From the cover:
At the fortress of the eagles, three kings will fight…
Uhtred of Bebbanburg has won back his ancestral home but, threatened from all sides by enemies both old and new, he doesn’t have long to enjoy the victory.
In Mercia, rebellion is in the air as King Edward tries to seize control. In Wessex, rival parties scramble to settle the identity of the next king. And across the country invading Norsemen continue their relentless incursion, ever hungry for land.
Uhtred – a legendary warrior, admired and sought as an ally, feared as an adversary – finds himself once again torn between his two heritages: fighting on what he considers the wrong side, cursed by misfortune and tragedy and facing one of his most formidable enemies. Only the most astute cunning, the greatest loyalty and the most spectacular courage can save him.
For decades, Uhtred has stood at the intersection between Pagan and Christian, between Saxon and Viking, between the old world he was born into and the new world being forged around him. But as the winds of change gather pace, the pressure on Uhtred as father, as politician and as warrior grows as never before.
I’m sure I read in one of the earlier volumes, that Bernard Cornwell was going to write the story (of one of his ancestors?), up to the point where Uhtred recaptures/reclaims his family ‘home,’ the castle at Bebbanburg. I really can’t remember which of the early books it was, but I’m convinced he saw it as a limited number (and not determined by Uhtred’s death, obviously) series, rather than the open-ended, continuing for ever, sort. Uhtred captured and occupied his ancestral home last time out, so it is a bit of a surprise to be here with the eleventh in the series, one after he has done what he said he was wanting to do.
I would imagine that the success of the TV version of The Last Kingdom – recently renewed for a fourth season, I think – may have played a part. The TV peeps and the publishing peeps may have had a word in his shell-like and ‘persuaded’ him of the benefits of further Last Kingdom books – because there’s no mistaking that the series doesn’t need to end with War of the Wolf either.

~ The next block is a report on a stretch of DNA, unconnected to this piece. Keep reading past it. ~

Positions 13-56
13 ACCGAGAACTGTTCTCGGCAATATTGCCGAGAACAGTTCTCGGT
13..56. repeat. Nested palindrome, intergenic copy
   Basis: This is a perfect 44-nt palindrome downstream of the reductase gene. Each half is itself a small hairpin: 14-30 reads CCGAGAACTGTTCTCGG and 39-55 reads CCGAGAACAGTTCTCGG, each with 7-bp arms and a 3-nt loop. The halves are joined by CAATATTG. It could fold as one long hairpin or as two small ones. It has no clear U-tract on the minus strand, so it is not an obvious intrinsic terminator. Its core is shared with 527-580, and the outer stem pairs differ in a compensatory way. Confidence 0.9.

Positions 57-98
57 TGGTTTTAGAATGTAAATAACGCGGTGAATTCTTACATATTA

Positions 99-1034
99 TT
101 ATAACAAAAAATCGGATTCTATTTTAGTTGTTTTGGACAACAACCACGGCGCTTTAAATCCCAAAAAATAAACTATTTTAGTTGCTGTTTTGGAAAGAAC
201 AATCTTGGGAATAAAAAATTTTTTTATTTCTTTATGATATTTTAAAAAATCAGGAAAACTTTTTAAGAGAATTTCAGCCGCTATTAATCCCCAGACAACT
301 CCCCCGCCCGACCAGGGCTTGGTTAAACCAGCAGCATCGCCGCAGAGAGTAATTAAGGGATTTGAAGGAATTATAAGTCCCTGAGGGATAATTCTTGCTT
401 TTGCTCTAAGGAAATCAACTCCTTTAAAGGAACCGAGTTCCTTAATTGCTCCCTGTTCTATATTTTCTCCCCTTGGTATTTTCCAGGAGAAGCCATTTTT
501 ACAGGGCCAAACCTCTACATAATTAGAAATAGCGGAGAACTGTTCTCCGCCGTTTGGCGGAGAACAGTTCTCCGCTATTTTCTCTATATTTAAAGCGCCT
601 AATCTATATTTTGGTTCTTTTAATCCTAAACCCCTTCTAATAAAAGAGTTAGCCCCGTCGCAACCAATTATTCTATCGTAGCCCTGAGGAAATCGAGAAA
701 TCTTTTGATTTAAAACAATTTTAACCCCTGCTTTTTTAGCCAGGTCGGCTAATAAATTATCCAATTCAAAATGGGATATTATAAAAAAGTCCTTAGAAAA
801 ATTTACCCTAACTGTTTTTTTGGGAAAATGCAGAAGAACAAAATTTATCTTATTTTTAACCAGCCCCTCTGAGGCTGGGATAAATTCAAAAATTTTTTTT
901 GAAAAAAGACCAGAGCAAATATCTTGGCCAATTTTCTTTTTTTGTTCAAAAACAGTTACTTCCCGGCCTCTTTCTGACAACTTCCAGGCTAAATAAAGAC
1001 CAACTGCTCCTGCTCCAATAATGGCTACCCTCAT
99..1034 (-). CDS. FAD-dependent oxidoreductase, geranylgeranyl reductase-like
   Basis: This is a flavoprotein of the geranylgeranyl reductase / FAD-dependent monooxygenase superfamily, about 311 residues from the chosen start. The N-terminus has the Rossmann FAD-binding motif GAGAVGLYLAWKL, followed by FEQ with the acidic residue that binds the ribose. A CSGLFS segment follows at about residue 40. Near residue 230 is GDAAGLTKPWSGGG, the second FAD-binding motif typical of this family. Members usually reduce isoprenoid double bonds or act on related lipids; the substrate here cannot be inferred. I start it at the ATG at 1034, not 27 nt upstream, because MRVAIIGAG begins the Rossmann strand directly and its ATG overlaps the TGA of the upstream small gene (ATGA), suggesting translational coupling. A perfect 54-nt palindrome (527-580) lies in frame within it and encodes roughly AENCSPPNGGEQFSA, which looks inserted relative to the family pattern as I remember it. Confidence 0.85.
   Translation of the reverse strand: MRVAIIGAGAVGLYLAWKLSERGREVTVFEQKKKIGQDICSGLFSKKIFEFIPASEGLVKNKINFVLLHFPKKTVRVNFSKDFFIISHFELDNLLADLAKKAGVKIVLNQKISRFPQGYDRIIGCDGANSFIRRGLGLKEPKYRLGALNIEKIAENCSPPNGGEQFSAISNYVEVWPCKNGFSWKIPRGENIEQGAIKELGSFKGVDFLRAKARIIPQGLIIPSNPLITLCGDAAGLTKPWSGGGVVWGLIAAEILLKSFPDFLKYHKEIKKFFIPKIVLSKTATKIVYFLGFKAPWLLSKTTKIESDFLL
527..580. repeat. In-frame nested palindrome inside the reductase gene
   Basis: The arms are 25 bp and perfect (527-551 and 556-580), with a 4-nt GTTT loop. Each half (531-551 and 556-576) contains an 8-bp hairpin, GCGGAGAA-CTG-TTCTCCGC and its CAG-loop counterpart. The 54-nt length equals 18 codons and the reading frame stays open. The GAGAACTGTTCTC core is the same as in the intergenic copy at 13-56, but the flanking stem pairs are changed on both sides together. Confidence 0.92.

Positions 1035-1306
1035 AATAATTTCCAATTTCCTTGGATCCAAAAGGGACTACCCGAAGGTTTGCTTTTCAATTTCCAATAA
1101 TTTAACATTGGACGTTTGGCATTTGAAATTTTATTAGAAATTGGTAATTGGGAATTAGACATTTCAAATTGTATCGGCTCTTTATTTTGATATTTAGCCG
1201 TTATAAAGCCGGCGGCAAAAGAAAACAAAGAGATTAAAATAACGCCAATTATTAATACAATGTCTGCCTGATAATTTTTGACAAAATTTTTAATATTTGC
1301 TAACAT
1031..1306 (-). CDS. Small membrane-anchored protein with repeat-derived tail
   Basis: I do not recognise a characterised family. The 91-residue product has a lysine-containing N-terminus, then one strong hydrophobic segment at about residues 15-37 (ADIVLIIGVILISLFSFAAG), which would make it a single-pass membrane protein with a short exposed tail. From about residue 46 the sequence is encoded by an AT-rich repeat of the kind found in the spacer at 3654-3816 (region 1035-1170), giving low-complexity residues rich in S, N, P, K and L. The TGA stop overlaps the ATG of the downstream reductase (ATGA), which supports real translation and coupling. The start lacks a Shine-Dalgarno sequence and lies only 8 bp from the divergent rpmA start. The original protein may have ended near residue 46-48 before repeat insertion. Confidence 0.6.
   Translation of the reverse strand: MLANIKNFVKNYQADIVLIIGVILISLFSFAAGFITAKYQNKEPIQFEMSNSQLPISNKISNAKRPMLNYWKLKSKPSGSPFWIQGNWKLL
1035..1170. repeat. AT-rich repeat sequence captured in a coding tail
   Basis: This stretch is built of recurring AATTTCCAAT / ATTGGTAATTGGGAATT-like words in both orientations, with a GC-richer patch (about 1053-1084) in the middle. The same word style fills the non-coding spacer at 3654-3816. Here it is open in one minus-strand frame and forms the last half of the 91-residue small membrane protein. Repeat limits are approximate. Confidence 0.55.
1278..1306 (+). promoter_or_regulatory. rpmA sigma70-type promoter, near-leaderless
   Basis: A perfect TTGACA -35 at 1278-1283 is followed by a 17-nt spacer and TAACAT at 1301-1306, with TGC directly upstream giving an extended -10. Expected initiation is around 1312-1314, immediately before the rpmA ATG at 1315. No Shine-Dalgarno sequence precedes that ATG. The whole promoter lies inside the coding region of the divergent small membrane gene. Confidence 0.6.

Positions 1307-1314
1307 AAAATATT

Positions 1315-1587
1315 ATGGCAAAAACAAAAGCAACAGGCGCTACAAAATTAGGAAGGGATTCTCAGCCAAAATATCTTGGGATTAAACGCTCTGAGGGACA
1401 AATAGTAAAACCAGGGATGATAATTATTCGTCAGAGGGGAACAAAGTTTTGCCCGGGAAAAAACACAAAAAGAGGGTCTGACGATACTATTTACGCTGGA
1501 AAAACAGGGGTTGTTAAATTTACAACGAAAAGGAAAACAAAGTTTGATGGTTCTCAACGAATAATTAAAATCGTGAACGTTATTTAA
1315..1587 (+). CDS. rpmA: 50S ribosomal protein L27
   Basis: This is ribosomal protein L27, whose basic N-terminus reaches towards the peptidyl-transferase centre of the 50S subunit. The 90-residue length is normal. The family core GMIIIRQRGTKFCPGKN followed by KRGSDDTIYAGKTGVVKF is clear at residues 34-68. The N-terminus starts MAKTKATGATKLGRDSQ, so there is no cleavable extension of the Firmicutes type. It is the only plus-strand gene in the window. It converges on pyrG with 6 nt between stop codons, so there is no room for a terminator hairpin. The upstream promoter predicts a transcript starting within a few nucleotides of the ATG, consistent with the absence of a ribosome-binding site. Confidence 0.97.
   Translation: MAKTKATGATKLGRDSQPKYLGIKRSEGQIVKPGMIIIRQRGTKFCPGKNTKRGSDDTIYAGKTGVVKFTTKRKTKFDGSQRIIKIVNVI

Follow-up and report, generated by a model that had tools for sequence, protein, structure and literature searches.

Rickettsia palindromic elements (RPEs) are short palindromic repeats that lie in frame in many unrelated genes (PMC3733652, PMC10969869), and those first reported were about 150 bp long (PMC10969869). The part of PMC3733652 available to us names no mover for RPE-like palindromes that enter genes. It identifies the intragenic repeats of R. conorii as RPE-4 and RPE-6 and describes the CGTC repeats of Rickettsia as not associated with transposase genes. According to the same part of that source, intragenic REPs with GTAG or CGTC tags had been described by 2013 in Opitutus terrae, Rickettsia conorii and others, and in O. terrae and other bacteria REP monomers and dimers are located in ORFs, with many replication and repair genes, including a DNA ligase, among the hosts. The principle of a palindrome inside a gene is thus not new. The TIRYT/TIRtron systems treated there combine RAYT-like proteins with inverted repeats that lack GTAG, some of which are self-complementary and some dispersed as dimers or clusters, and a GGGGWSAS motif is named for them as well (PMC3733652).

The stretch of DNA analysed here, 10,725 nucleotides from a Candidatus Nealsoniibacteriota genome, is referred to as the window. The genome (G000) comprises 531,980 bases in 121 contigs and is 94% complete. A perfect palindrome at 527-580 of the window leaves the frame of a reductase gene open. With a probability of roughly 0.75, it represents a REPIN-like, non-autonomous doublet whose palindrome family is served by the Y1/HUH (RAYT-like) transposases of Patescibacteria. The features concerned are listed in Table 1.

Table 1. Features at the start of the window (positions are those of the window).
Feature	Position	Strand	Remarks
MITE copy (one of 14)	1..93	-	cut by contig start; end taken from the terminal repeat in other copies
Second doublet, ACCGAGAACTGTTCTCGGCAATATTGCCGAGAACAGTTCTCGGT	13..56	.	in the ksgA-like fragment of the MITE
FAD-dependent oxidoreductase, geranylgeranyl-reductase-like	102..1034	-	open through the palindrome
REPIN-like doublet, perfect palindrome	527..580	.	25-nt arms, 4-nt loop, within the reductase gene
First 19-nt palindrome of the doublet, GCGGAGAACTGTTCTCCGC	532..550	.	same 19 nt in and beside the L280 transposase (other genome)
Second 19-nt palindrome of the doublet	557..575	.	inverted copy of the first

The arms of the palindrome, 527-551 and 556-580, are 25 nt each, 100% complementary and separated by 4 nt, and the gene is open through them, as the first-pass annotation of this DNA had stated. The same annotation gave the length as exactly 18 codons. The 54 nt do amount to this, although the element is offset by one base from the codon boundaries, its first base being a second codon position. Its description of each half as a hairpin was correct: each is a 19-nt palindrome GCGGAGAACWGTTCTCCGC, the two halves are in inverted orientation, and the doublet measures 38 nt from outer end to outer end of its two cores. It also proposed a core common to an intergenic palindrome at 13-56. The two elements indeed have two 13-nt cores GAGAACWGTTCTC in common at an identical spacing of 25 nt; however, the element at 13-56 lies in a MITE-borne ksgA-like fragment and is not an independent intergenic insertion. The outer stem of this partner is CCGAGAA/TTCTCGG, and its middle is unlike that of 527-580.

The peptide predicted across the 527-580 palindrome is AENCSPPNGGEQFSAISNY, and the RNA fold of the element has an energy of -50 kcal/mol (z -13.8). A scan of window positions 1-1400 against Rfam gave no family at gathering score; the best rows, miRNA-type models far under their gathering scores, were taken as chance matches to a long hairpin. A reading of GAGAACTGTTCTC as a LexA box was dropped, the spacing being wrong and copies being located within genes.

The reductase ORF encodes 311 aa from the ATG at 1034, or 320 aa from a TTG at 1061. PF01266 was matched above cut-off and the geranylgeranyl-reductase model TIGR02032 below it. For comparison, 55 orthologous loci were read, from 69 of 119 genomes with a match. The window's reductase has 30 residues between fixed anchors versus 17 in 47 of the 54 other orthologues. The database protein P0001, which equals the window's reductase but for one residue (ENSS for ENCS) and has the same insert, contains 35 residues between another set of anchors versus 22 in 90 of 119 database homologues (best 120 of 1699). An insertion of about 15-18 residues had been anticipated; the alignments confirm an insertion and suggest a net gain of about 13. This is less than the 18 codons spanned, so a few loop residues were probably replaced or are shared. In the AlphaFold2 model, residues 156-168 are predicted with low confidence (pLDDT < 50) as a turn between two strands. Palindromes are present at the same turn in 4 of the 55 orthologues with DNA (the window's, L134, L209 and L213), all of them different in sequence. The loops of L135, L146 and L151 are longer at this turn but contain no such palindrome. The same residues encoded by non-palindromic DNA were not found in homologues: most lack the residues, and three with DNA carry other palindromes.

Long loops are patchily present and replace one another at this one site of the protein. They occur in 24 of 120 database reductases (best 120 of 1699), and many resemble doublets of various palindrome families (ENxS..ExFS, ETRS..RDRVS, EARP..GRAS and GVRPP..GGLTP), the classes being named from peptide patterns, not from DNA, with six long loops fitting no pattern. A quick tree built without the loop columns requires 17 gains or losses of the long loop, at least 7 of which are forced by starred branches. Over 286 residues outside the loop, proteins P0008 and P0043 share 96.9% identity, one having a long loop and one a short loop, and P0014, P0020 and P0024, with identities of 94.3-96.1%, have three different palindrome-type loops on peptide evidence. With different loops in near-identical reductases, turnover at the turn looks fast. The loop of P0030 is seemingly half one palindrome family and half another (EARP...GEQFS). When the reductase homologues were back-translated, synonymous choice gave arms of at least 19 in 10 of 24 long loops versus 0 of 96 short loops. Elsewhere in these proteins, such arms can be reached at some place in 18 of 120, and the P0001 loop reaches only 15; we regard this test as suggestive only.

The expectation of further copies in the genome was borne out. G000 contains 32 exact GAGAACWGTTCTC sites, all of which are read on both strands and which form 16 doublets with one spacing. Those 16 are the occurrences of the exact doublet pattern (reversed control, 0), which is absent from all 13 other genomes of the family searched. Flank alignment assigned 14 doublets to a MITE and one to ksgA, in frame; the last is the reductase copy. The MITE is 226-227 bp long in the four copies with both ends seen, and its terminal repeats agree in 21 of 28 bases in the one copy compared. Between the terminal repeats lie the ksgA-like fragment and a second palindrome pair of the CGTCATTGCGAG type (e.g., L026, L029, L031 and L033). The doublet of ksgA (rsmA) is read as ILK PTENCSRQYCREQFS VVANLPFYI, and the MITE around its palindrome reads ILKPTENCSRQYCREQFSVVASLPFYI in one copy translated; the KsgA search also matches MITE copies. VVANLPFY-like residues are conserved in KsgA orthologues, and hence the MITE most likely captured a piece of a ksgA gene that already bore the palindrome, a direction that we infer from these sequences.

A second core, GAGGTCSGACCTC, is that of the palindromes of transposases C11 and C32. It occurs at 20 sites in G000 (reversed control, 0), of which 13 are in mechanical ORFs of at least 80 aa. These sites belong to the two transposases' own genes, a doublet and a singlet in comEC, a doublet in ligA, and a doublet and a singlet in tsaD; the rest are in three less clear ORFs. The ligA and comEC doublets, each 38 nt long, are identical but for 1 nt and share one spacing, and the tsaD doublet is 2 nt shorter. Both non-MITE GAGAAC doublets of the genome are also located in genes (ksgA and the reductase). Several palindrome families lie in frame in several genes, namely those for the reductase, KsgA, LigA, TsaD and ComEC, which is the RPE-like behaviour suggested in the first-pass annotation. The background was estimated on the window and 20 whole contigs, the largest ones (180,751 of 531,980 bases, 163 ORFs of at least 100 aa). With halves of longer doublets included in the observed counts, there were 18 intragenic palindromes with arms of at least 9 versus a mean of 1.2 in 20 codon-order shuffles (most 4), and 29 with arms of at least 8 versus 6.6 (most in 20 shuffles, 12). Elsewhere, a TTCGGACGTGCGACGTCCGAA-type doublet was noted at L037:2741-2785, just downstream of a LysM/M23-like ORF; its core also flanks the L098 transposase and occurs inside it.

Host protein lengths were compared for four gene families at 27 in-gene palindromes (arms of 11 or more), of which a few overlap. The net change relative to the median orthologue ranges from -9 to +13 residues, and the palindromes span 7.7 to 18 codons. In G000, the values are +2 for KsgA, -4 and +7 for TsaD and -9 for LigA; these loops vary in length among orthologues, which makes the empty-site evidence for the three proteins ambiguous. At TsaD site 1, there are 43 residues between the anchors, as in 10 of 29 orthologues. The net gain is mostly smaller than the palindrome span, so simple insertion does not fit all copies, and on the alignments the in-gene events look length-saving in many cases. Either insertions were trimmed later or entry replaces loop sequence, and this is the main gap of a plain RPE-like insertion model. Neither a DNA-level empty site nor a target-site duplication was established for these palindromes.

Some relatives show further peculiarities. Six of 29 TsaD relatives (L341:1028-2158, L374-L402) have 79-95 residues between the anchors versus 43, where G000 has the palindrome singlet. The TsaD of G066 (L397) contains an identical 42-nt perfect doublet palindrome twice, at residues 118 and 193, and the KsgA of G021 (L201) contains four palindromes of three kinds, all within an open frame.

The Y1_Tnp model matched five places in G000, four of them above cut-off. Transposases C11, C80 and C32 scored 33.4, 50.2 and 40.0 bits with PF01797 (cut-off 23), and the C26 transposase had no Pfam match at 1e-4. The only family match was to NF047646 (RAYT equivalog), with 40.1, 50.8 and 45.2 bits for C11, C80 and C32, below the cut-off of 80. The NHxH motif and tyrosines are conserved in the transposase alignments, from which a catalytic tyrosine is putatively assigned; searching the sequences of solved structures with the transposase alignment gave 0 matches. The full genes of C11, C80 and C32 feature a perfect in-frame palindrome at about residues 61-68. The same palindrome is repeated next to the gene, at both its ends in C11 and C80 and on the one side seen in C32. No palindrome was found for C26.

So, is this an add-on, is it rushed, is it more of the same, just in new packaging for late-comers. Well, yes and no. There’s no doubt that BC has this series lark down to a fine art, he churns the things out regular as clockwork and two in between. She runs the risk of spreading himself a bit thin, you ask me, but there seem to be plenty of people out there who are in the market for a regular dose of BC and he has achieved guru status, with references and comparisons to him and his work all over the place. His books are the Gold Standard against which all other mostly for boys, swords drenched in blood all the way up to the arm, Hist Fic is measured. It gets so any (negative) criticism of his books feels churlish – “yeah…but it’s Bernard Cornwell!” “Oh, well I see, I must be mistaken then.” *order in universe re-established*
The building blocks of a Bernard Cornwell’s 2018 book are there: The last, or last but one paragraph ending with ‘And.’ Ending a chapter with the last line starting with ‘then…’ for something that you hadn’t thought was going to happen, having read the previous. He has always had Uhtred referring to himself as a ‘fool.’ A fool for thinking this, for believing that, for doing the other, for your lovin’ as well, I’d wager. Though in Wolf, it reached epic proportions. I lost count of all the times when someone was a fool, or something was foolish, but suffice to say it was several times on a page at one point and I began to speculate that if all the fools and foolishes were taken out, the book would only be half as long.
But, seriously…it is another Cornwell’s 2018 Last Kingdom book, of that there’s no doubt. It isn’t bad, though I doubt it is going to be catapulted into the top three in the series by anyone who has read from the start. There is – as always – a preciseness and economy about BC’s writing, characterisation and plotting, and that’s here as well. Uhtred has always been a world-weary sort of character and now he’s reached elder statesman status, there’s both the expected “is he still alive?!” however, Uhtred himself has added “am I still alive?!” Though the prevailing feeling is of ‘the fools must be fools because they haven’t killed an old fool like me yet.’ Uhtred has always been a tankard half empty sort of guy, but in Wolf, when you read it and without giving anything away – if he didn’t have bad luck he’d have no luck at all. All in all, it’s good, you won’t be disappointed if you’ve read the previous volumes, but there are better.